This sonnet by Keats is a lovely combination of an accumulation of imagery relating to a star and the sensual image of the poet resting his head on his lover’s breasts. The poetry is in how these two themes are linked as well as how he deals with each of them individually.
And this is a great reminder of Keats’s technical and verbal mastery achieved while still a young man – for he wrote all his poetry as a young man before he died at the age of 25 from tuberculosis, a bit like the heroine of a Romantic opera.
Bright star, would I were stedfast as thou art-
Not in lone splendour hung aloft the night
And watching, with eternal lids apart,
Like nature’s patient, sleepless Eremite,
The moving waters at their priestlike task
Of pure ablution round earth’s human shores,
Or gazing on the new soft-fallen mask
Of snow upon the mountains and the moors-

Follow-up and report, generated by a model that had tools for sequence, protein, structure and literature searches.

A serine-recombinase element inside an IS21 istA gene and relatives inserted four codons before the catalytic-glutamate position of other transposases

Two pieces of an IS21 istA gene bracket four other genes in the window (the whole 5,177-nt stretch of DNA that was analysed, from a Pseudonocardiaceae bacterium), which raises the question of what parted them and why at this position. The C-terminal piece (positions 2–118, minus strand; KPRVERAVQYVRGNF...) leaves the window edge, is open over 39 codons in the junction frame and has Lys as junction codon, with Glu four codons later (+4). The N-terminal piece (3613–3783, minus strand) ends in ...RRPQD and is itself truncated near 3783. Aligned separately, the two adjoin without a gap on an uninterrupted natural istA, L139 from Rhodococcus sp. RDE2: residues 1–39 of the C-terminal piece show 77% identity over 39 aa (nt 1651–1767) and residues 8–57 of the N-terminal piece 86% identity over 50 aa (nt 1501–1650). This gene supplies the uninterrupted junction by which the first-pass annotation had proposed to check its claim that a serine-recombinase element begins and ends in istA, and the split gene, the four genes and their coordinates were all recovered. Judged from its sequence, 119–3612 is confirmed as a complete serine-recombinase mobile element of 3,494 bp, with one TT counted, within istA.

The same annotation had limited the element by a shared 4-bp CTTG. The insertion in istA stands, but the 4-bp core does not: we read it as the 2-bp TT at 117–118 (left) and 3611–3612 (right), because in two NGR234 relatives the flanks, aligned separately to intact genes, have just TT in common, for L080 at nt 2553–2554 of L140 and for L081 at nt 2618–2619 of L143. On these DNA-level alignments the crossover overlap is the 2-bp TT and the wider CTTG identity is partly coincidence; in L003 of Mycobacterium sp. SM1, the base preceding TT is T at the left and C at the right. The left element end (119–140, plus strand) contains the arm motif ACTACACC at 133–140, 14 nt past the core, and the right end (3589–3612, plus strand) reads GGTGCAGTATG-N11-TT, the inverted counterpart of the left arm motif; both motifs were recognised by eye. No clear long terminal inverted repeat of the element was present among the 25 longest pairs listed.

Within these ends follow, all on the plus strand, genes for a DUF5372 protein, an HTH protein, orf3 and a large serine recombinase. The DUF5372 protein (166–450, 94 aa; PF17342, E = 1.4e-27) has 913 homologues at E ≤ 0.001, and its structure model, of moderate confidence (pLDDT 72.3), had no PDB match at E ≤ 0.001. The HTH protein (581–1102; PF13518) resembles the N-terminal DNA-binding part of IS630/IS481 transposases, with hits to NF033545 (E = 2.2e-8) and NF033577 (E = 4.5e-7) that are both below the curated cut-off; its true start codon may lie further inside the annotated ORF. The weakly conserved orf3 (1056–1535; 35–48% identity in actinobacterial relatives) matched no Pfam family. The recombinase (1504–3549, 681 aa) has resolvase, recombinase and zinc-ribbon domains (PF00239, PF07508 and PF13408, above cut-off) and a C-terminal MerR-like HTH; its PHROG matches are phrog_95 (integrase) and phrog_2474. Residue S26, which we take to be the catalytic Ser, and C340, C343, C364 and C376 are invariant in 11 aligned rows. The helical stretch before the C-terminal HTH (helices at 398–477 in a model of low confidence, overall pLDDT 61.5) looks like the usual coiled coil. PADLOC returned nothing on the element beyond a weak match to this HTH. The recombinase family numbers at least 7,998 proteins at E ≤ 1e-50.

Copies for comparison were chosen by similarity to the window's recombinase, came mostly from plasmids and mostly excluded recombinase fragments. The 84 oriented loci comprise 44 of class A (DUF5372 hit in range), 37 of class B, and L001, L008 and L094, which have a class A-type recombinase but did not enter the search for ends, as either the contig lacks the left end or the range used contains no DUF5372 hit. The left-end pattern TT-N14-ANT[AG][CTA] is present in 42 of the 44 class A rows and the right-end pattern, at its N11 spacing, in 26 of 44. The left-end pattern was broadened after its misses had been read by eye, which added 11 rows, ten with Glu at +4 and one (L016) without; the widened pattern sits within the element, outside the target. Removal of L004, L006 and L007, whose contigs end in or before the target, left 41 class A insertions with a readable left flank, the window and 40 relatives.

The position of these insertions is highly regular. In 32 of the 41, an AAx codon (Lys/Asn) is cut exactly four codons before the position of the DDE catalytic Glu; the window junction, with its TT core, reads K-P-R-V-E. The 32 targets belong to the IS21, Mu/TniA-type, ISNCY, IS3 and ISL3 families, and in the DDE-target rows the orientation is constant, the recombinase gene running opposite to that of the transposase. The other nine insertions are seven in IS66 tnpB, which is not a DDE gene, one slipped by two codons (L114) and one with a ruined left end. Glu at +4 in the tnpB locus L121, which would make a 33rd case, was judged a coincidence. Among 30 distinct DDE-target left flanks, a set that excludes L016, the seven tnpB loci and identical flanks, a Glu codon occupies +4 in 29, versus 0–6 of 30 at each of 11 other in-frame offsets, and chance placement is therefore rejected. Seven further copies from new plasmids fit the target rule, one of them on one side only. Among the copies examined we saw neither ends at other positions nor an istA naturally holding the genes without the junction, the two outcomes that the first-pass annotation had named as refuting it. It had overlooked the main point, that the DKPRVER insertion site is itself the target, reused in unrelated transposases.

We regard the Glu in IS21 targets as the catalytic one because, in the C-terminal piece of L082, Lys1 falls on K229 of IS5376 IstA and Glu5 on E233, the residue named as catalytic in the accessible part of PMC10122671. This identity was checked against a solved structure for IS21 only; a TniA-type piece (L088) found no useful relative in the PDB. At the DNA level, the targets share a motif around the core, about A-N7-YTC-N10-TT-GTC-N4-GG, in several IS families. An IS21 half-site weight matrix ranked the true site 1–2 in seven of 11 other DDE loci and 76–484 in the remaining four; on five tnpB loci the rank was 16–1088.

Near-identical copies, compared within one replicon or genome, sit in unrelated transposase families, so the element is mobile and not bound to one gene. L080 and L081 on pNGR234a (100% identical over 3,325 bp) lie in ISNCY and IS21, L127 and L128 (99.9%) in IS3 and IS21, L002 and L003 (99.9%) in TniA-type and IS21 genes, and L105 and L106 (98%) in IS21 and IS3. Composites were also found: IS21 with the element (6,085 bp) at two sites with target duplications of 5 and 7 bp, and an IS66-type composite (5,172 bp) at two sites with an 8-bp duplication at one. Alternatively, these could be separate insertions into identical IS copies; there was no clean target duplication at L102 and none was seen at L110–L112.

No-yet still stedfast, still unchangeable,
Pillow’d upon my fair love’s ripening breast,
To feel for ever its soft fall and swell,
Awake for ever in a sweet unrest,
Still, still to hear her tender-taken breath,
And so live ever-or else swoon to death. –
The “Bright star” of the title takes up all the first eight lines of the poem, kicked off by the first line in which the poet wishes he were as steadfast as the star, meaning always there, always shining. But the following lines paradoxically list the ways in which he does not wish to be like the star – he does not wish to be alone, watching the oceans move across the surface of the earth, or looking at the snow-covering of the mountains or the moors. This star would be a voyeuristic observer, not engaged, not intervening, just persistently present. So how does the poet wish to be like the star? Well, you can get suspense even in a fourteen line sonnet, so we need to wait for the final six lines to find out that it only the quality of persistence, steadfastness which the poet wishes to emulate as he pillows his head upon his lovers breasts and feels them rising and falling as she breathes. He is living in the moment but wants the moment to last as long as the star will shine. And only death should break the spell.
The Poetry Dude